Once, I asked Aline Frati, my yoga teacher, "Do you consider you teach therapeutic yoga?" She answered, "No, I teach a yoga approach for everybody. I teach the yoga of non-duality in which we search for our true nature, beyond all conditionings."
Every breath and every pose I lead my yoga students into are inspired by my yoga teacher, Aline Frati. Aline left us on Jan. 2. Tribute.
My yoga teacher, Aline Frati, left us on January 2, in Paris where she lived.
I happened to be in Paris when Aline made her transition. I was going to fly back to Atlanta the day of her religious ceremony, when Delta unexpectedly cancelled my flight early that morning, allowing me to attend the ceremony, which was held at the Père Lachaise, the most visited cemetery in the world.
After the funeral, Barbara, another of Aline’s students, and I decided to walk through the cemetery to catch the train at the Père Lachaise metro station. On our way, we met a man--one of those “real”, direct-to-the-point, cheeky Parisians--who knew the place like the back of his hand. He guided us to see tombs of many famous people, including Jim Morrison, before disappearing like smoke. I don’t know about you but I believe in signs.
I wrote a few lines about Aline that I read to Aline’s family and friends. I know that Aline would have loved for me to share them with you on my blog, so I’ve included them, below. Namaste.
Discovering yoga with Aline deeply shook my life. She supported me all along my journey.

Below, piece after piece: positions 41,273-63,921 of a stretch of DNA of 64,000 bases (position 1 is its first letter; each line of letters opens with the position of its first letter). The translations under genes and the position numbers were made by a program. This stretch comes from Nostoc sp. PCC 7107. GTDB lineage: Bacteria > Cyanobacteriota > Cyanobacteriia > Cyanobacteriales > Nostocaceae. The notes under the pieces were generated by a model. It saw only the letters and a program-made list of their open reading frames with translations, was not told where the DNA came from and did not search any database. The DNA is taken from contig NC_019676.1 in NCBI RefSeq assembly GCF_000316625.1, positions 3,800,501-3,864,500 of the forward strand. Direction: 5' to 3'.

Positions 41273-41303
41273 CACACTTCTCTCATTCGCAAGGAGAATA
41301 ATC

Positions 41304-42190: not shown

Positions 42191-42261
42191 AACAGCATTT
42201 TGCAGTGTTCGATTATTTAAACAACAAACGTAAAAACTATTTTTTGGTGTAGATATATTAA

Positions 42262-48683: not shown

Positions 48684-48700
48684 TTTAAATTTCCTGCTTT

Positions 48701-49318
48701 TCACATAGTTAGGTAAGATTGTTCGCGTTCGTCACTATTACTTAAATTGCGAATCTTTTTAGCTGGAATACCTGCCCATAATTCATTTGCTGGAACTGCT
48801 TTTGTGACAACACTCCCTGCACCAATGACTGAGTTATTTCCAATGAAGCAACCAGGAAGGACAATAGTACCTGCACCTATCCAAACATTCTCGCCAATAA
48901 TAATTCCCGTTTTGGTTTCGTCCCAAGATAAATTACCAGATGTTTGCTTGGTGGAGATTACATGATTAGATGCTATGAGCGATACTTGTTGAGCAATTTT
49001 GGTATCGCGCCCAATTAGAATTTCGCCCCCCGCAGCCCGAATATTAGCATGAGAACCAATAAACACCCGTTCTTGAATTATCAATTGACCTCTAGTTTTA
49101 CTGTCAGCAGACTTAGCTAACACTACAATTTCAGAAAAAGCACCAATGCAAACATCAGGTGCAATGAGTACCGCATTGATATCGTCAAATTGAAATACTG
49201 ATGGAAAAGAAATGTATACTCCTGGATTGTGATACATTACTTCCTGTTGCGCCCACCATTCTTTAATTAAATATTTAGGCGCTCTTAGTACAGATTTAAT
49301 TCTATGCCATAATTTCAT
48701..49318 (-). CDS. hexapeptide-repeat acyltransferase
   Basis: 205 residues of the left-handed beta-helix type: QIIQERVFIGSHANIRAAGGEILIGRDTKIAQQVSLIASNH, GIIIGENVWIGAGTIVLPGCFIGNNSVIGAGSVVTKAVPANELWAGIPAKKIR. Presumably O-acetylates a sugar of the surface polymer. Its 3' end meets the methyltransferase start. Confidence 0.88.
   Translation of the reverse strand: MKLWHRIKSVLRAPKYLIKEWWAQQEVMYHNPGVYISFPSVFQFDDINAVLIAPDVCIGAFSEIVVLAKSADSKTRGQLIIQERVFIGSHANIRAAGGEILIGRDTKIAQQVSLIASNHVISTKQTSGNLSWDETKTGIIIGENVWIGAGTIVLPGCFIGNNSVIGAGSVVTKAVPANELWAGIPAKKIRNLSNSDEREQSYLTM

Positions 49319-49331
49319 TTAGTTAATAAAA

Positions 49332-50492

Aline taught the most therapeutic form of yoga I have ever come across--far from the “yoga-robics” that is often taught in France and the States, where I live.
Above everything, Aline wanted to help us develop our capacity to listen to our body--without judgment. About her yoga approach, she also said, “the purpose of this yoga is to dissolve the repetitive patterns of fear and anxiety which we experience, since childhood, that get fixed in the body in the form of tension and pain.”
Aline fully expressed her art during the yoga retreats she taught at the Abbey of Saint Antoine, a 11th century abbey in one of France’s most beautiful villages, niched in the pre-Alps. “It is the teacher’s quality of presence that helps a person harmonize, not the yoga technique,” she told me during one of those retreats.
Thank you, Aline, for what you have passed down to me. Thank you for being a precious friend, a guide, a light that led me to my deepest self. Just like I asked for your guidance when you were here with us, I will continue to ask you to guide me in yoga therapy and in building on the foundation of what you have taught me.
Your friend, Always,